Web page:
In today’s marketing world, creating content is a necessity. Yet, content creation always seems to be the one thing companies struggle with the most.
In today’s small businesses, we work lean and mean. All of our marketing efforts must be efficient and strategically developed, ensuring every action produces a positive and effective result on your bottom line.
Since having or improving content on your site can be difficult to tie back to ROI, it always seems to be the piece of the puzzle that takes the longest, gets pushed aside or is going to happen “one day, when we get the bandwidth.”
In this post we will cover a strategy that I have always used to help divide and conquer this beast and ensure that each bit of content you produce is directly connected to your bottom line.
- Make a Product or Service List: Start by making a list of the products and/or services your company offers, then prioritize them by their profit margin.
- Understand Your Website’s Search Engine Activity: Using your website analytic tracking software (i.e. Google Analytics) pull the following metrics and organize them into specific categories:
- Top Pages Viewed by Organic Search user – This dataset will give you insight into “How Organic Search Users are Utilizing Your Website.”
- Top Keywords driving organic search users – This dataset will give you insight into “How Organic Search Users are Finding Your Website.” Although this metric has changed some since Google started cloaking keywords from logged in Google users, it should still give you an accurate reading of about 60-70% of the organic (non-paid) keywords driving traffic to your site.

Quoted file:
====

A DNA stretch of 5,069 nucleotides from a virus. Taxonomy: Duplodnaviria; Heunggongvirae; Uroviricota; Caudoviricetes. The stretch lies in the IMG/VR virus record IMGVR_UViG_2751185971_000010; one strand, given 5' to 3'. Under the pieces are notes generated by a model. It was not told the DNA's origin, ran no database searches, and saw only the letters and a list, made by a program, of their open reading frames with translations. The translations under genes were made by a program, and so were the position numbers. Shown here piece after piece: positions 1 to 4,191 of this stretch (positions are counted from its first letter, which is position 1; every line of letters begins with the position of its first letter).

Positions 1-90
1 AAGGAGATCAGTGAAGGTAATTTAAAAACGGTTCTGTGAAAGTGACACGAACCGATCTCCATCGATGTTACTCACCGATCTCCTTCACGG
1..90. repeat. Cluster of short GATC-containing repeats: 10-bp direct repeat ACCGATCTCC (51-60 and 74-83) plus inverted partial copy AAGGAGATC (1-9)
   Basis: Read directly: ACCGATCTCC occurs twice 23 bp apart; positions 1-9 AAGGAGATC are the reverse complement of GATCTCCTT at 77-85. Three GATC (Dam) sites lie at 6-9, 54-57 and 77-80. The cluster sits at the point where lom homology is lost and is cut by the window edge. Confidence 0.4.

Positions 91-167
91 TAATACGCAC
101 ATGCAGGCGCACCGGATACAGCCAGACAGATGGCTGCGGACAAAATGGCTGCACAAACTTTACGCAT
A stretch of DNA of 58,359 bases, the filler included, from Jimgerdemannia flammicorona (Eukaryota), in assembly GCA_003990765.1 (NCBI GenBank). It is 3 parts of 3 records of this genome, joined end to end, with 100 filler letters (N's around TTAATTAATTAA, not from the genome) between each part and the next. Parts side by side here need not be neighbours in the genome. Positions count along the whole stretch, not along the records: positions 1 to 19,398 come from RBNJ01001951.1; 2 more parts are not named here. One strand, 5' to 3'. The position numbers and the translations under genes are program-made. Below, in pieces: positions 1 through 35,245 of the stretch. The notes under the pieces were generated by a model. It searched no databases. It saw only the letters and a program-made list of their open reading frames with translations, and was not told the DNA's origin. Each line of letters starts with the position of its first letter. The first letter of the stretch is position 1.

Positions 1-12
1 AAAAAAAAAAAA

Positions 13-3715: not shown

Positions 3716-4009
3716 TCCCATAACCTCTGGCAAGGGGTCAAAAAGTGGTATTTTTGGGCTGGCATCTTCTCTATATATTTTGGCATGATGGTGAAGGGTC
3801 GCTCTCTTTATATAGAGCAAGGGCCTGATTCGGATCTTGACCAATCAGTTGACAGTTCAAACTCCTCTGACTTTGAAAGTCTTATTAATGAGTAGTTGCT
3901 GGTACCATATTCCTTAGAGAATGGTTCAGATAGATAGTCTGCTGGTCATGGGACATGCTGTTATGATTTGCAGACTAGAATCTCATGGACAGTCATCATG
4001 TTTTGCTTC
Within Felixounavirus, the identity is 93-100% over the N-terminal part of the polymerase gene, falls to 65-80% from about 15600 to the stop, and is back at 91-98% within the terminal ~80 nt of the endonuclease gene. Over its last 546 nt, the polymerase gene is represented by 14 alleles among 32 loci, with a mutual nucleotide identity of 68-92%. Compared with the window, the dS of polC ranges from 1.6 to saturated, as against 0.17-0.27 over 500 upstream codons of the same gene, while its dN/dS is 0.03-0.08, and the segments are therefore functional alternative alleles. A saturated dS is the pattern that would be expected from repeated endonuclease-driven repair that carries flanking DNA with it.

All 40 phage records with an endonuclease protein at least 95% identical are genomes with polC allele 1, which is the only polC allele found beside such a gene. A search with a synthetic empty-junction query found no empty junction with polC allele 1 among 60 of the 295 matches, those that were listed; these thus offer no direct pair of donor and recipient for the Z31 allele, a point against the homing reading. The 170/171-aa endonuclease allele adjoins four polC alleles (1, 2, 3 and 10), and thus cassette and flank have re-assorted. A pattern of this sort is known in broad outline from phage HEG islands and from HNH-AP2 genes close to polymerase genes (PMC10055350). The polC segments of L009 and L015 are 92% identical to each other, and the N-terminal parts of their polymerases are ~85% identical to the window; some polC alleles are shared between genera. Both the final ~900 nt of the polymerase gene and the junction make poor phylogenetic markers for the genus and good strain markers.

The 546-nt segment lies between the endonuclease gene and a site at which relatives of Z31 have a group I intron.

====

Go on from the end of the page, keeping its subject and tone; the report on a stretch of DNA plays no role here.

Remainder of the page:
- Categorize your top pages and top keywords into categories that best represent your business and find the percentage of each category in relation to the whole dataset to give you an accurate reading of your site’s organic search activity.
- See Data Sets Labeled 1.1 & 1.2 for examples
- Compare Your Website Traffic with Your Product List: Run a comparison analysis on the organic search activity you just collected and your product/service prioritization list by answering the following questions:
- Do the products or services that have the best ROI represent the largest percentage of keywords that are driving visitors to your site?
- What about the organic search users top pages?
- If you are seeing a large or even small disconnect between these datasets, this would be the first place to start.
- Let’s continue to use the affiliate marketing example. Say that fax services provide the best ROI for ChooseWhat.com, but if you notice, only 16% of the keywords driving traffic are fax-related, and only 13% of the page views are fax-related. This would be the first place to start. I would create content around fax services, then see if there are places that I could link to this content on my home page and/or social profiles. Strategically move down your product and/or service prioritization list and compare those to the percentages of organic search activity. You could literally write your editorial calendar for the next quarter based off of these metrics.
There are obvious caveats to every marketing strategy, and this one is no different. Don’t forget to keep any other business metrics in mind when building your editorial calendar, like any seasonal products/services. If your business offers any products or services that are time sensitive, you should start posting content about those products about 90 days prior to its busy season. It is also important to understand that some content will need additional help getting found online, especially with any new domains, products or services. If this is the case, start a link building campaign for that particular content or site.
In the beginning of any new strategy, I like to reevaluate what I’m doing every quarter to gauge its effectiveness. Although this strategy may take a bit of time on the front end, it will be well worth it to know that you are working towards a specific goal. The benefit of building an editorial calendar based off of tangible metrics far outweighs the hang-ups that are associated with “writer’s block”.